This browser is not fully supported by our public website and may not display or function as expected for this reason. Please note, the Infuse Portal and BBH client applications fully support the IE 11 browser.

Important Information for Non-U.S. Residents

You are required to read the following important information, which, in conjunction with the Terms and Conditions, governs your use of this website. Your use of this website and its contents constitute your acceptance of this information and those Terms and Conditions. If you do not agree with this information and the Terms and Conditions, you should immediately cease use of this website. The contents of this website have not been prepared for the benefit of investors outside of the United States. This website is not intended as a solicitation of the purchase or sale of any security or other financial instrument or any investment management services for any investor who resides in a jurisdiction other than the United States1. As a general matter, Brown Brothers Harriman & Co. and its subsidiaries (“BBH”) is not licensed or registered to solicit prospective investors and offer investment advisory services in jurisdictions outside of the United States. The information on this website is not intended to be distributed to, directed at or used by any person or entity in any jurisdiction or country where such distribution or use would be contrary to law or regulation. Persons in respect of whom such prohibitions apply must not access the website.  Under certain circumstances, BBH may provide services to investors located outside of the United States in accordance with applicable law. The conditions under which such services may be provided will be analyzed on a case-by-case basis by BBH. BBH will only accept investors from such jurisdictions or countries where it has made a determination that such an arrangement or relationship is permissible under the laws of that jurisdiction or country. The existence of this website is not intended to be a substitute for the type of analysis described above and is not intended as a solicitation of or recommendation to any prospective investor, including those located outside of the United States. Certain BBH products or services may not be available in certain jurisdictions. By choosing to access this website from any location other than the United States, you accept full responsibility for compliance with all local laws. The website contains content that has been obtained from sources that BBH believes to be reliable as of the date presented; however, BBH cannot guarantee the accuracy of such content, assure its completeness, or warrant that such information will not be changed. The content contained herein is current as of the date of issuance and is subject to change without notice. The website’s content does not constitute investment advice and should not be used as the basis for any investment decision. There is no guarantee that any investment objectives, expectations, targets described in this website or the  performance or profitability of any investment will be achieved. You understand that investing in securities and other financial instruments involves risks that may affect the value of the securities and may result in losses, including the potential loss of the principal invested, and you assume and are able to bear all such risks.  In no event shall BBH or any other affiliated party be liable for any direct, incidental, special, consequential, indirect, lost profits, loss of business or data, or punitive damages arising out of your use of this website. By clicking accept, you confirm that you accept  to the above Important Information along with Terms and Conditions.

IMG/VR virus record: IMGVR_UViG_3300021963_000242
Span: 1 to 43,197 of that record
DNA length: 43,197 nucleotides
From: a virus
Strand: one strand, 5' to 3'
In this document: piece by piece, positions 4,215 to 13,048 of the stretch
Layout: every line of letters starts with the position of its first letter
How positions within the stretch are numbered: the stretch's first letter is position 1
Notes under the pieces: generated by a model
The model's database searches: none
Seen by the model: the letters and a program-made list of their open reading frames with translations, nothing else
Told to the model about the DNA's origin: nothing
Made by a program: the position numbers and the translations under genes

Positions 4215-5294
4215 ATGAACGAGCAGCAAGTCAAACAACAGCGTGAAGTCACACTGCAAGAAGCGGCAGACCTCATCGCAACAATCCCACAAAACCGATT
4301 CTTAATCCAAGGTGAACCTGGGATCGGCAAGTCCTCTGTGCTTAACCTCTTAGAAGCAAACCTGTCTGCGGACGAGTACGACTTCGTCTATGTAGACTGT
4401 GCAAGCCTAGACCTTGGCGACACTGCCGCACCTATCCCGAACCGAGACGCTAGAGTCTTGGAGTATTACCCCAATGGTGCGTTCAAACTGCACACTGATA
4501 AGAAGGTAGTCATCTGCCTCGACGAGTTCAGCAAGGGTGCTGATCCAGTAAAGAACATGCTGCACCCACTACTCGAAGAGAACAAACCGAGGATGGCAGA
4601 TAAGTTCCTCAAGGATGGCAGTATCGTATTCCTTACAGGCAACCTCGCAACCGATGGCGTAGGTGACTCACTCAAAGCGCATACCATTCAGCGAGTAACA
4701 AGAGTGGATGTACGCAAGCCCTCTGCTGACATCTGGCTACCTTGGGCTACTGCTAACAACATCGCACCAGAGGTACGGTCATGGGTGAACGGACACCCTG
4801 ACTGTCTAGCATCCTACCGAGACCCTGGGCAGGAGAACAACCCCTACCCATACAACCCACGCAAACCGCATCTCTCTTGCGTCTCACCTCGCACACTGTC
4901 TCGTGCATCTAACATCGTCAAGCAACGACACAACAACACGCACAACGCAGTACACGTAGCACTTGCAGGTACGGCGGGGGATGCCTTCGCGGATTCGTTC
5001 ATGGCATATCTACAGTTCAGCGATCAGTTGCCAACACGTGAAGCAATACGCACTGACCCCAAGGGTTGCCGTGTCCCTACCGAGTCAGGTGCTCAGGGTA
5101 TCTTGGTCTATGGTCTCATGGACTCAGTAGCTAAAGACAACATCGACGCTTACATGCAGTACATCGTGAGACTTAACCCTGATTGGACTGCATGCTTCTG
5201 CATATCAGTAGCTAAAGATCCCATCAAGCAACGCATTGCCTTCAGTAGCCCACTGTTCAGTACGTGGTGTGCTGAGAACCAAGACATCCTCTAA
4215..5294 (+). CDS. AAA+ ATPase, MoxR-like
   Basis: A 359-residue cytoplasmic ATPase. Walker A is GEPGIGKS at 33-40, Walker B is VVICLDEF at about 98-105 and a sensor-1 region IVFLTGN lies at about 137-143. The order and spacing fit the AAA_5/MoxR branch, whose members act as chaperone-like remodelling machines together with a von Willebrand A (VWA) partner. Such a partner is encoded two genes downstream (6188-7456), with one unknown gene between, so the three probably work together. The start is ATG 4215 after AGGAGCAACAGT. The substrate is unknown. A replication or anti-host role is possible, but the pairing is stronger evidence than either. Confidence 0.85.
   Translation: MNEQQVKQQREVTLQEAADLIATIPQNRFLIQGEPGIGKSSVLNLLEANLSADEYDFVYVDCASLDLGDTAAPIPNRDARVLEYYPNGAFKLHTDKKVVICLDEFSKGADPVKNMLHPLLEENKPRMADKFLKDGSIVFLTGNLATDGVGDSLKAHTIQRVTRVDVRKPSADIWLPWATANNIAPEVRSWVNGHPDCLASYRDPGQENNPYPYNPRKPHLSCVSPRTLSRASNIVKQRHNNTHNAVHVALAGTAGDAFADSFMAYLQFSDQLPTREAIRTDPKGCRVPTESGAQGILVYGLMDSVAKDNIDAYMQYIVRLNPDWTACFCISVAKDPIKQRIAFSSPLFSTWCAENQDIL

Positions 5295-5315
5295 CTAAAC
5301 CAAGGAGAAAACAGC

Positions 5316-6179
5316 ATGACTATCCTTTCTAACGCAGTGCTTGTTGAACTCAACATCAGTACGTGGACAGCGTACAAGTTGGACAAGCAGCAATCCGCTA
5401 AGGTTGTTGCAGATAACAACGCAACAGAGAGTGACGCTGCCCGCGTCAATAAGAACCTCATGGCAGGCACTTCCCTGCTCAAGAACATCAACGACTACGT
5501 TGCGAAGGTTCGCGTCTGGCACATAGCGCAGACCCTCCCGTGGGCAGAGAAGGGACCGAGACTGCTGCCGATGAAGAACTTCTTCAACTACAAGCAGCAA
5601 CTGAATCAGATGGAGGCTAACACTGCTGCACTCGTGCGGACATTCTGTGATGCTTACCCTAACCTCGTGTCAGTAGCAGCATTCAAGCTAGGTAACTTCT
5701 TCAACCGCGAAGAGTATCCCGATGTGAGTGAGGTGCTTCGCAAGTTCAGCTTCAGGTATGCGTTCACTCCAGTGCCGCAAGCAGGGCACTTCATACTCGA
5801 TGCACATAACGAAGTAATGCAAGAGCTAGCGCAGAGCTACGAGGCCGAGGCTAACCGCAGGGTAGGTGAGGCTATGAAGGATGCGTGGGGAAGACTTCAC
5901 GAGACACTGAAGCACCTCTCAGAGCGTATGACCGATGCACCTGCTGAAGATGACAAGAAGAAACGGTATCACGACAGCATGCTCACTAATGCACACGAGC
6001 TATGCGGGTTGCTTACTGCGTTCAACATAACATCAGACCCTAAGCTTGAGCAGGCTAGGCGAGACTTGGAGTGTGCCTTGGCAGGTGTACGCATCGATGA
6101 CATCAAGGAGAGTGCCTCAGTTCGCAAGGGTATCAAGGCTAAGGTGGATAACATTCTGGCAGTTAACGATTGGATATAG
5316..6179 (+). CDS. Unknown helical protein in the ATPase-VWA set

1BBH sponsors UCITS Funds registered in Luxembourg, in certain jurisdictions. For information on those funds, please see

captcha image

Type in the word seen on the picture

I am a current investor in another jurisdiction